By Asma Alsharif
JEDDAH, Saudi Arabia (Reuters) - More than 100 Saudi clerics have signed a petition calling for fair hearings for prisoners held on security grounds in the conservative kingdom, which has arrested thousands of people in a campaign against Islamist militants.
The petition, prompted by the detention earlier this month of 11 women who staged a protest to demand the release of jailed relatives, also called on the authorities to treat women prisoners properly.
Rights groups say thousands have been detained in the name of security in Saudi Arabia, many of them imprisoned without a fair hearing or held for long periods without trial. They say some were detained merely for demanding political change.
The authorities deny holding political prisoners and say all those detained for reasons of security are suspected Islamist militants. They said over 5,000 people were detained last year in a crackdown on the militants and most had already been tried.
Conservative Sunni Muslim clerics hold powerful positions in Saudi Arabia, the birthplace of Islam. However, some have also opposed the ruling family on issues ranging from social reform to the campaign against Islamist radicals.
The 100 clerics who signed the petition are from Qassim, one of the most conservative parts of Saudi Arabia and the heartland of its austere Wahhabi school of Sunni Islam.
Activists familiar with the petition said those who signed it were from a variety of ideological backgrounds, suggesting they may include both Islamists and comparative liberals.
"The issue of detainees has become the community's issue," the petition read. "The releases occurring are less than the (number) expected, which has resulted in growing frustration among the people."
"This has become evident through the protests and sit-ins that are increasing in number and widening in scope and intensifying in tone... It would be wise to resolve this issue quickly," it added.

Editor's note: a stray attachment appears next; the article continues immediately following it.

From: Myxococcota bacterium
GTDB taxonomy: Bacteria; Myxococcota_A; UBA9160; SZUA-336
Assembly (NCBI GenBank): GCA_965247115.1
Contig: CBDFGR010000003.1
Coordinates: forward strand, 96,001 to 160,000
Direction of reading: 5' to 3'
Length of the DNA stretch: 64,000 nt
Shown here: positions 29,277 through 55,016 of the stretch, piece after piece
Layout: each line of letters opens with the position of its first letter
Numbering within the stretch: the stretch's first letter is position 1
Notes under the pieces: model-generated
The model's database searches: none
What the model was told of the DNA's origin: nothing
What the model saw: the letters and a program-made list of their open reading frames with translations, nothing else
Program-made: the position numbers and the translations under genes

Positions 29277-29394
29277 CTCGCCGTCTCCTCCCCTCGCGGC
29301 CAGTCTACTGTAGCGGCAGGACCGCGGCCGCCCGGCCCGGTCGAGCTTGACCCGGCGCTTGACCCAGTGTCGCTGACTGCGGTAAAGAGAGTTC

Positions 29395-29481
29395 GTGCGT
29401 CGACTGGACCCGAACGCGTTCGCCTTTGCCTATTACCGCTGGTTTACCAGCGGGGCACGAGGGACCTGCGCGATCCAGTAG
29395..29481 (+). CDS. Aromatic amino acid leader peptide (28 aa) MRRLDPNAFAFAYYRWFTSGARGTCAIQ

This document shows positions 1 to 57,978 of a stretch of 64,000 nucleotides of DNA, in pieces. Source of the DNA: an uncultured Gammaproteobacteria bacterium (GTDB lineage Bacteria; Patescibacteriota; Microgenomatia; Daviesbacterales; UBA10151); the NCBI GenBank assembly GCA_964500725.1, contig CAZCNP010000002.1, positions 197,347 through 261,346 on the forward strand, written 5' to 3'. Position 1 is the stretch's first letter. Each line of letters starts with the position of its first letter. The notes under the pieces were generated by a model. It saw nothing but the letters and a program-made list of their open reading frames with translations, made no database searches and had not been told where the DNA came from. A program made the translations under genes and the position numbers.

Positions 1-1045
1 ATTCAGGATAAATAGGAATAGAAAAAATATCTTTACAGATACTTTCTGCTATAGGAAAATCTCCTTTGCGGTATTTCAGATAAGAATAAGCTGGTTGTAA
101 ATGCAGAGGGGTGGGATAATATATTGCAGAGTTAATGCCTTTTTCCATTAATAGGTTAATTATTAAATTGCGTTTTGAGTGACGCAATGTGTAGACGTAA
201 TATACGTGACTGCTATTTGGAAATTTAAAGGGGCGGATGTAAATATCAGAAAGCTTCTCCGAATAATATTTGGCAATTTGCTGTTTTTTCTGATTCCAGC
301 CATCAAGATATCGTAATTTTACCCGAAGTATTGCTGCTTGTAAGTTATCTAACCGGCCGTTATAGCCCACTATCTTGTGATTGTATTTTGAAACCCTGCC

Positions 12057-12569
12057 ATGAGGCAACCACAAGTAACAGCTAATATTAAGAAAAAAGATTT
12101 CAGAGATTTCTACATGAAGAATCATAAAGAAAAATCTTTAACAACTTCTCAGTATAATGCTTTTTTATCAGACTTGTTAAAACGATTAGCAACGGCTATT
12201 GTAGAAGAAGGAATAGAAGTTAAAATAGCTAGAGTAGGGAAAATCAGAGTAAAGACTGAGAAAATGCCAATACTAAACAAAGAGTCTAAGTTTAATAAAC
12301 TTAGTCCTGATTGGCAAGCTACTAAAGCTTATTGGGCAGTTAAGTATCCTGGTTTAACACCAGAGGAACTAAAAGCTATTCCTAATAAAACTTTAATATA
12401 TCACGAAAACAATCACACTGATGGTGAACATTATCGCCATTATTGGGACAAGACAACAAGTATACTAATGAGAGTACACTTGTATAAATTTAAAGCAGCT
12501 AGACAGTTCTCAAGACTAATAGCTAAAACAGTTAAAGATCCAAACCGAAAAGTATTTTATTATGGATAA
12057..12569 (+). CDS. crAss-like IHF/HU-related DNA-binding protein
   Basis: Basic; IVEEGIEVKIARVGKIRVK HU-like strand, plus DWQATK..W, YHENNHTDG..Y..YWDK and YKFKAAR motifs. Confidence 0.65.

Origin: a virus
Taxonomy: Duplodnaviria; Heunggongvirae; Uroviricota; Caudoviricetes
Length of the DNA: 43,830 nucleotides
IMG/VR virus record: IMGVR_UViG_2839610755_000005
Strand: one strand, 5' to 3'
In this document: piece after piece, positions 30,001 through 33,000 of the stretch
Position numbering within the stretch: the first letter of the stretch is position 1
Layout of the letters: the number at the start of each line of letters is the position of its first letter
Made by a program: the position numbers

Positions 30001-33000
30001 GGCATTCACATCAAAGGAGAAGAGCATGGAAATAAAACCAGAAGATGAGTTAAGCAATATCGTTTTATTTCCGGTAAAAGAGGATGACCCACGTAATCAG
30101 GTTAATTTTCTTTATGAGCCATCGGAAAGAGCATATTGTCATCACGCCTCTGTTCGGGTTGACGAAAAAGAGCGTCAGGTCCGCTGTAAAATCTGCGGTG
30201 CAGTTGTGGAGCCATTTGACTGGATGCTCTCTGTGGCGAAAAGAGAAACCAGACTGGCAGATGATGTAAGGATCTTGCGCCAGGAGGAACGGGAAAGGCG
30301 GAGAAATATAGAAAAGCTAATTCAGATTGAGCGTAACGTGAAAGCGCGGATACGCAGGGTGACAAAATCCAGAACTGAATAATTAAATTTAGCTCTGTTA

The protest in which the 11 women were detained on January 5 is the latest in a string of small-scale demonstrations and sit-ins outside government offices in Qassim and the capital Riyadh over the past 18 months.
In September the then interior minister Prince Ahmed said no further protests about detainees would be tolerated.
All protests in Saudi Arabia, the world's top oil exporter, are illegal. The government says it does not mistreat prisoners.
The petition said Islam forbids the mistreatment of women. The detention of women is particularly sensitive in more conservative parts of Saudi Arabia, such as Qassim.
The crackdown against Islamist militants came in response to a series of attacks by al Qaeda on government and Western targets from 2003 to 2005. The militants were crushed inside the kingdom but some fled to Yemen where they set up a new wing of al Qaeda that swore to bring down the Saudi ruling family.
(Additional reporting by Angus McDowall; Editing by Tom Pfeiffer)